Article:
One of these charts is not like the other. While the other commanders run an average of 40 lands and 22 creatures, Karametra runs 37 lands and 32 creatures, a full ten creatures more than her counterparts. Not only that, she also tends to run a significant number of enchantments, with an average of 14. Her deck makeup is, at its very foundation, distinct from the other commanders.
We’ll get to more of Karametra’s specifics a little later, but all of this is important to help interpret that first Venn Diagram above. There are a lot of commonalities for mono-green Landfall cards across all these decks, but one commander has such a core difference that it tilts the way the diagrams look.
Speaking of, let’s get to the second part of the Venn Daigram: the cards these commanders don’t have in common. These are the Top and Signature Cards that don’t have any overlap at all, and this is where we start to find our best data.
Each column has cards the others can’t play (no red Warstorm Surge in a blue-green Tatyova deck, for example). It’s therefore extra-important to focus on the green cards, which could be played in each deck, but remain distinct. I’ll go through each commander and their specific column one by one.
Omnath, Locus of Rage didn’t become the #1 Gruul commander by accident. He creates a 5/5 Elemental for each land that hits your field, and throws Lightning Bolts at people if his precious Elementals die. The angry green jelly bean doesn’t mess around, and his column proves it. Zendikar’s Roil helps Omnath duplicate his Elemental output. Even though the Roil tokens are only 2/2s, Omnath will still deal damage if they die, so making more is key.
Players have taken advantage not only of the tokens’ creature types, but also their base power. Warstorm Surge and Where Ancients Tread deal damage based on the inherent stats of Omnath’s tokens, but we also see Elemental Bond, which uses those stats not only to deal damage but also to keep your hand full. Rishkar’s Expertise operates in a similar vein, and Traverse the Outlands turns your natural power into yet more resources! That’s one of my favorite things about Magic: the Gathering players; from creature type to color to power and toughness, we learn to use all possible details of a card to eke out every advantage.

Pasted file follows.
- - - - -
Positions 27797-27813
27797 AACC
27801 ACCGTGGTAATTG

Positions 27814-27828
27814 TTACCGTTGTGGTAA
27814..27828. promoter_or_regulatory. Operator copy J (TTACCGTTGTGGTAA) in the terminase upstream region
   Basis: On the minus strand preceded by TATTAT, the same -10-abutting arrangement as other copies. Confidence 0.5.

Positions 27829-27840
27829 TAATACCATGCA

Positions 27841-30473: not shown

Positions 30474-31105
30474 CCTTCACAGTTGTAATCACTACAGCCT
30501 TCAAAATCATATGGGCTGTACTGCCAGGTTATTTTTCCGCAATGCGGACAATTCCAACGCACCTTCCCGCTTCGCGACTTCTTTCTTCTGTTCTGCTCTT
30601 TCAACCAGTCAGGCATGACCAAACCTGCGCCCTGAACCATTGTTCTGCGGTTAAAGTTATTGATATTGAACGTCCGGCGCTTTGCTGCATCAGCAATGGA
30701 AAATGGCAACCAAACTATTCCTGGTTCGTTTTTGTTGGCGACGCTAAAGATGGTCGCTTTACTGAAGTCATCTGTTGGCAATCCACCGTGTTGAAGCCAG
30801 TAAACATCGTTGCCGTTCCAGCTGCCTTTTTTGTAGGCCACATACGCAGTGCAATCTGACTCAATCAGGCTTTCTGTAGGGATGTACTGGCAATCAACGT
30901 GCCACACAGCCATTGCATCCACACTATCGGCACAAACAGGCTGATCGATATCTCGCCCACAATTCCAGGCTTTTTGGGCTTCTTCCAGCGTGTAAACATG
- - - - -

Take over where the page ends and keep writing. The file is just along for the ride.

I think Omnath is giving us a very important signal with these specific cards. Omnath looks at lands through the lens of power. Like Saskia the Unyielding, he is militant and aggressive, and of the four Landfall-manders, he’s the one that will be attacking. Unlike most other aggro commanders, he’s able to be this aggressive because it’s so easy for him to amass an army. Other token decks must cast spells to make creatures, but Omnath’s lands make creatures, so he gets to keep his spells for other purposes. This gives him an inherent leg up on card advantage. As a result, his army can be more aggressive because they’re more expendable. Omnath will even run sacrifice outlets to turn his creatures into those last few points of damage, such as Goblin Bombardment and Perilous Forays.
We have time for one more important observation about Omnath. His column contains some unique cards that shouldn’t be so unique: Terramorphic Expanse and Evolving Wilds. These should be staples in any Landfall deck, but they only appear in Omnath’s column. Why?